February is Age-Related Macular Degeneration Month, and it helps to shed light on the condition. AMD is a breakdown of the macula.
The macula is the part of your eye that allows you to see fine details. While the exact cause of the disease remains unknown, it affects people due to aging.
Some people start experiencing the symptoms of AMD as early as their fifties. The likelihood of developing the condition dramatically increases as you enter your 60s and 70s.
Warning Signs of Age-Related Macular Degeneration
AMD affects your central vision. When you have age-related macular degeneration, colors become less vivid, and straight lines can start appearing wavy or curved. Below are more signs of AMD you should be aware of:
Dark Spots in Your Central Vision
If you have shadowy sections in the center of your vision, AMD might be responsible. In some cases, age-related macular degeneration can also result in a whited-out area in the middle of your visual field. This defect impacts your ability to recognize faces, drive, read, or watch TV.
AMD either presents no symptoms, or they will come on more gradually. You might realize you have blurry vision over time, especially when focusing on up-close objects.
You may also find that you cannot read what is on a medicine bottle or require more reading light. These symptoms slowly become worse.
Poor Depth Perception
Are you unable to judge distances properly? AMD may be the reason behind it. This can make walking harder and lead to missteps that can cause serious injuries.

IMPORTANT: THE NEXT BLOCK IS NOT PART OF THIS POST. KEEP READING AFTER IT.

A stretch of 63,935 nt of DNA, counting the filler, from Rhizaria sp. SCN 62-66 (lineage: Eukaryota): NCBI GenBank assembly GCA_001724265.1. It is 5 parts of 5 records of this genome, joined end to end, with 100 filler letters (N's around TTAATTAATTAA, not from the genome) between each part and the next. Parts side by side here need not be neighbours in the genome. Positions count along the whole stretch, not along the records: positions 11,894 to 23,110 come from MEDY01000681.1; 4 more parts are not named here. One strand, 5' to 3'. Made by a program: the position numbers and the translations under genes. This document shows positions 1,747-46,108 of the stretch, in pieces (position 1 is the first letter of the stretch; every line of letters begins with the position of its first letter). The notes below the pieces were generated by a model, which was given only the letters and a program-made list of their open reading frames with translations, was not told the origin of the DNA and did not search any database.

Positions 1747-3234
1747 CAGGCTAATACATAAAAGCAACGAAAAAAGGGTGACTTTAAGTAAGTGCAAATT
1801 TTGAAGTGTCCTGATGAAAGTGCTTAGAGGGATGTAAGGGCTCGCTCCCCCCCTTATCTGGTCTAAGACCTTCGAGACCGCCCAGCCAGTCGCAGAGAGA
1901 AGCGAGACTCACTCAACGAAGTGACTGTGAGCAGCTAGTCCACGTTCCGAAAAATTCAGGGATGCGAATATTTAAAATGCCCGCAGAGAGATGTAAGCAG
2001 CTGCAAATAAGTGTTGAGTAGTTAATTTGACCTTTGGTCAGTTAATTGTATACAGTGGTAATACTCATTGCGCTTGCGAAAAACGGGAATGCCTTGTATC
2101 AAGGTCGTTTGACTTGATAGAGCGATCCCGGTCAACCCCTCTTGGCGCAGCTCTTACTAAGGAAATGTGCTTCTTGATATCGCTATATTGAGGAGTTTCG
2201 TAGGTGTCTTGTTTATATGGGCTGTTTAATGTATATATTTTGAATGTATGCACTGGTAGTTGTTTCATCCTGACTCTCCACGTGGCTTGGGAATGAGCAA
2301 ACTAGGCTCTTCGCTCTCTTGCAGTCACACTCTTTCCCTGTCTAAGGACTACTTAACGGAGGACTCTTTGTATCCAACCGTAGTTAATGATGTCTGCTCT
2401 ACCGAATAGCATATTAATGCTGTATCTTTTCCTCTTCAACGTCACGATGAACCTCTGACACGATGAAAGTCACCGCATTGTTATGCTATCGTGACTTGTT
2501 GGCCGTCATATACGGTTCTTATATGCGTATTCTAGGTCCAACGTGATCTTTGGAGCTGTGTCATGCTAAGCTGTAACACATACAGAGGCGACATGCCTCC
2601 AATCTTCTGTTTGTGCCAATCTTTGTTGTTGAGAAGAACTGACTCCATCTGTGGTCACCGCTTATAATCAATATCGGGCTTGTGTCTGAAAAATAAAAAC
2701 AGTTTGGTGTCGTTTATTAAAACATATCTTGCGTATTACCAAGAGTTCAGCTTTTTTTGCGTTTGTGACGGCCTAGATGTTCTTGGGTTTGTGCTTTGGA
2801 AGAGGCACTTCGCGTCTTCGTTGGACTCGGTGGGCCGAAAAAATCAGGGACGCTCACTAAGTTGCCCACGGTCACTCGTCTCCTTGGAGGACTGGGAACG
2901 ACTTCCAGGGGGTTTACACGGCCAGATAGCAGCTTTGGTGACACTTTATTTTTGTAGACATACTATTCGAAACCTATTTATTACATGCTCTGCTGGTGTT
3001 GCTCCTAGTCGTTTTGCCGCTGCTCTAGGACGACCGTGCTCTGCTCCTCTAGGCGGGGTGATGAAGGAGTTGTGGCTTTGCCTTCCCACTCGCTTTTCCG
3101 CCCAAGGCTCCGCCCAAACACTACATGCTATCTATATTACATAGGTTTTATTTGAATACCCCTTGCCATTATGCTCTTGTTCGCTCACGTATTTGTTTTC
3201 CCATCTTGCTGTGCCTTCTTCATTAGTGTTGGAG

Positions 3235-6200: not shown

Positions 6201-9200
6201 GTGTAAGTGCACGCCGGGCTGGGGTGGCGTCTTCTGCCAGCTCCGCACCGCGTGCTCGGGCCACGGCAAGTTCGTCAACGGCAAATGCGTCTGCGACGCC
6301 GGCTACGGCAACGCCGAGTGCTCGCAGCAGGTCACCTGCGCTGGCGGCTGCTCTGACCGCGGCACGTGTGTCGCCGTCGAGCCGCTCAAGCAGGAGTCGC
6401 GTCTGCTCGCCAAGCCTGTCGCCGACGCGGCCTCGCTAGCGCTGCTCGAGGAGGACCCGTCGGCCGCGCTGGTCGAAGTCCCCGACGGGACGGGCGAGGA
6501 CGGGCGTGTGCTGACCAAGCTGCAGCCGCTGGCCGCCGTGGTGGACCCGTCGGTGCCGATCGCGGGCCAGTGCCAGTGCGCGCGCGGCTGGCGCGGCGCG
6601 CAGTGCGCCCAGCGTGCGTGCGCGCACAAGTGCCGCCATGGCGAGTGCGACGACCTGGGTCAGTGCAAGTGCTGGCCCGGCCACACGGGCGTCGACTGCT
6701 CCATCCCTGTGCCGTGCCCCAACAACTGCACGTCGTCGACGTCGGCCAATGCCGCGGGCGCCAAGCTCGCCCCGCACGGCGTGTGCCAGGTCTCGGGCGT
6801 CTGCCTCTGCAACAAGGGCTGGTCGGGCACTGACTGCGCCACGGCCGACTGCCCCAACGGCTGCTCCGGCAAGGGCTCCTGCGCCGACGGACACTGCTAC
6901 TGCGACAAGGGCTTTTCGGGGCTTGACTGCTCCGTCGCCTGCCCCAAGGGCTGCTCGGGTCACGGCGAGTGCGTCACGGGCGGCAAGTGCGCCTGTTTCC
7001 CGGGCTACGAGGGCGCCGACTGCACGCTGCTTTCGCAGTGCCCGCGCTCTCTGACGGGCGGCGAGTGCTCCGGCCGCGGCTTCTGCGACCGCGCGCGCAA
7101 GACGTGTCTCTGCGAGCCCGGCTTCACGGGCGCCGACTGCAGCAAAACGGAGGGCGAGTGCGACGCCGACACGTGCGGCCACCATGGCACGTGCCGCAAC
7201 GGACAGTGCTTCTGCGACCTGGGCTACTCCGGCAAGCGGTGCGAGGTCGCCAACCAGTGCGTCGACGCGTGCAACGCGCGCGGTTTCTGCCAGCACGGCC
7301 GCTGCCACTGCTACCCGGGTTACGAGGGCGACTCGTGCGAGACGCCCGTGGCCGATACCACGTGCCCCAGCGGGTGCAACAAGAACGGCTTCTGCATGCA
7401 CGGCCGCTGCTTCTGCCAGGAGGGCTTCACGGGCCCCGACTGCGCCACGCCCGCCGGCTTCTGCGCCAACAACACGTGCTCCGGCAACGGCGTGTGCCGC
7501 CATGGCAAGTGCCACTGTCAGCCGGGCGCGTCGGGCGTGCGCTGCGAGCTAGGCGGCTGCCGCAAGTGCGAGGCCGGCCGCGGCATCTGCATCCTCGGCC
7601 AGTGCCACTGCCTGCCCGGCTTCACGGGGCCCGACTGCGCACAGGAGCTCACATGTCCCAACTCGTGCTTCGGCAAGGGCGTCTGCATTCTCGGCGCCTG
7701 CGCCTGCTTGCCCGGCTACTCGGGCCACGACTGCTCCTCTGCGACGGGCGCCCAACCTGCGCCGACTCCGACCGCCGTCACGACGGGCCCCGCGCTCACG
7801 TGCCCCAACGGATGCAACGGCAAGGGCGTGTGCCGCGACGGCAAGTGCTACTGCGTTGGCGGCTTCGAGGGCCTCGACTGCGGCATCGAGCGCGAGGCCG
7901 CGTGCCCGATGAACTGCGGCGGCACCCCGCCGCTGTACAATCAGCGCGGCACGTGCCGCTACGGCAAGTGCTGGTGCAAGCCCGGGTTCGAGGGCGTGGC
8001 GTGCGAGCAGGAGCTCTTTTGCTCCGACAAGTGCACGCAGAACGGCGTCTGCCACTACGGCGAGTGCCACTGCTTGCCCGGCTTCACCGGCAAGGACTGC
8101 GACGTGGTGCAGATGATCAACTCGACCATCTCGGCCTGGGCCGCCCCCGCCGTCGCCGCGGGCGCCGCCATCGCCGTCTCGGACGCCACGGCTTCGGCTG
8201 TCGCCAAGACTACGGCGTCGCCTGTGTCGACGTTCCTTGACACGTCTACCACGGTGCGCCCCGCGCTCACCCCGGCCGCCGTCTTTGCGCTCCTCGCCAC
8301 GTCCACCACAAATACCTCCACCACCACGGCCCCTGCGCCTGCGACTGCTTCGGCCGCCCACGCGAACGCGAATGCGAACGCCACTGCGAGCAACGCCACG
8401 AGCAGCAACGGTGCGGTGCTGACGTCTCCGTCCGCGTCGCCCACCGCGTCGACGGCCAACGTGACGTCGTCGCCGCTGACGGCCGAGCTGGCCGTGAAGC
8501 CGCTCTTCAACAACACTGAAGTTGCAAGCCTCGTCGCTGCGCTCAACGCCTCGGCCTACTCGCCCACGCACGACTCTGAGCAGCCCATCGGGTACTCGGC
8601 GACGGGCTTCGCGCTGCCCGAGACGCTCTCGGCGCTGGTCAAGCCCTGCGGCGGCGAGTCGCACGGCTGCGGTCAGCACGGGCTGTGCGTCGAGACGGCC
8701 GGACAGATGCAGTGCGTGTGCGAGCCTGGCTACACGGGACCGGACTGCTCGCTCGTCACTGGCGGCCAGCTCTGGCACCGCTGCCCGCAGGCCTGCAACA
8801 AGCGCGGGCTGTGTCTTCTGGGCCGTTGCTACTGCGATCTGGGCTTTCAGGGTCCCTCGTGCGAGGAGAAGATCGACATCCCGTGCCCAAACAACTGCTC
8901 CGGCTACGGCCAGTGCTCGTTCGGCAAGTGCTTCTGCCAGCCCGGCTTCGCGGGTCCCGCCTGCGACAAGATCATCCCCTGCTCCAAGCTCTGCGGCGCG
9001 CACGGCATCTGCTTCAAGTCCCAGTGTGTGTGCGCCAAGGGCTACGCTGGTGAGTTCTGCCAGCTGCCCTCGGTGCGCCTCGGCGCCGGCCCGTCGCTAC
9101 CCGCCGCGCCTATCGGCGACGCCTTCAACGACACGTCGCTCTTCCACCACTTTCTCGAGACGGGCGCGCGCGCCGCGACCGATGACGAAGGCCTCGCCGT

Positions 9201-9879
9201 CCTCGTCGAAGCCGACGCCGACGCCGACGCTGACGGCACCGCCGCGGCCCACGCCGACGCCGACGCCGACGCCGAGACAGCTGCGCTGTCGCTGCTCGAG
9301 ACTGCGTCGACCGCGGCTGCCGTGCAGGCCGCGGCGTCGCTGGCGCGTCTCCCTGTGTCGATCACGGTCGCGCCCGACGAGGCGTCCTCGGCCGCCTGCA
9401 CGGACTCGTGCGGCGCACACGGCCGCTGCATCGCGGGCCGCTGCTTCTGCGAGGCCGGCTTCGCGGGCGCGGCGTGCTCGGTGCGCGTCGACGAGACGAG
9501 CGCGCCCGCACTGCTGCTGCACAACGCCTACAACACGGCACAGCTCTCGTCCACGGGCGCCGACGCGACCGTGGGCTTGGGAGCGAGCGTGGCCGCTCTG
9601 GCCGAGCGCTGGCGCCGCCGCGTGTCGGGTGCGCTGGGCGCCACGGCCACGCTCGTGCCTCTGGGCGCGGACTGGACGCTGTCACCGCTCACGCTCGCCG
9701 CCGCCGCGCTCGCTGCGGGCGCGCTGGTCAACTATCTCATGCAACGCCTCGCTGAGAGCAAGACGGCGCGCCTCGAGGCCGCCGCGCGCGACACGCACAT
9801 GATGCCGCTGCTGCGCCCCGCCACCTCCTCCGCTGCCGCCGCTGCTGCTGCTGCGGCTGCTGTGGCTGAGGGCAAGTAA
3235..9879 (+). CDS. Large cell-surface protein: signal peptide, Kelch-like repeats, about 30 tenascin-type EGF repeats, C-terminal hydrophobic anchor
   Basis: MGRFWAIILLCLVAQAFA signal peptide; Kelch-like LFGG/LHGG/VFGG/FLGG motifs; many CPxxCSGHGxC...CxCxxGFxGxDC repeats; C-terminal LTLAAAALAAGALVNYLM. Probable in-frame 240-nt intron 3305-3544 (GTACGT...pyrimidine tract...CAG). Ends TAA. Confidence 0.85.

If it is becoming more challenging to see slight textures and contrasts in stairs and pavements, this can increase your risk of falling. It might also be an indication of AMD.
You are 50 Years and Older
Have you recently celebrated your 50th birthday, or are you over the age of 50? It is essential to see your eye doctor at Grand Rapids Ophthalmology for regular eye exams.
Regular eye exams will ensure any vision problems, including AMD, are detected early before the symptoms have a chance to become more severe.
The Inability to Adjust to Changing Light Levels
If you have macular degeneration, you may find it hard to adjust to lighting that goes from very dark to very bright and vice versa. For instance, if everything appears black when you step into a dimly lit room and need several minutes to adjust to the lighting changes, these may be signs of AMD.
Early detection of age-related macular degeneration is crucial in preventing extensive eye degradation and total vision loss. Although the disease currently doesn’t have a cure, various treatment options can considerably slow its progress and stop severe vision loss.
These include vitamins, anti-angiogenesis drugs, and laser therapy.
Save Your Eyesight by Scheduling Routine Eye Exams
At Grand Rapids Ophthalmology, our eye doctors diagnose and treat a wide variety of eye diseases, including age-related macular degeneration. It is imperative to see your ophthalmologist immediately if you’re experiencing symptoms of AMD.
If your eye exam is overdue or you want to start seeing an ophthalmologist, there is no better time than right now.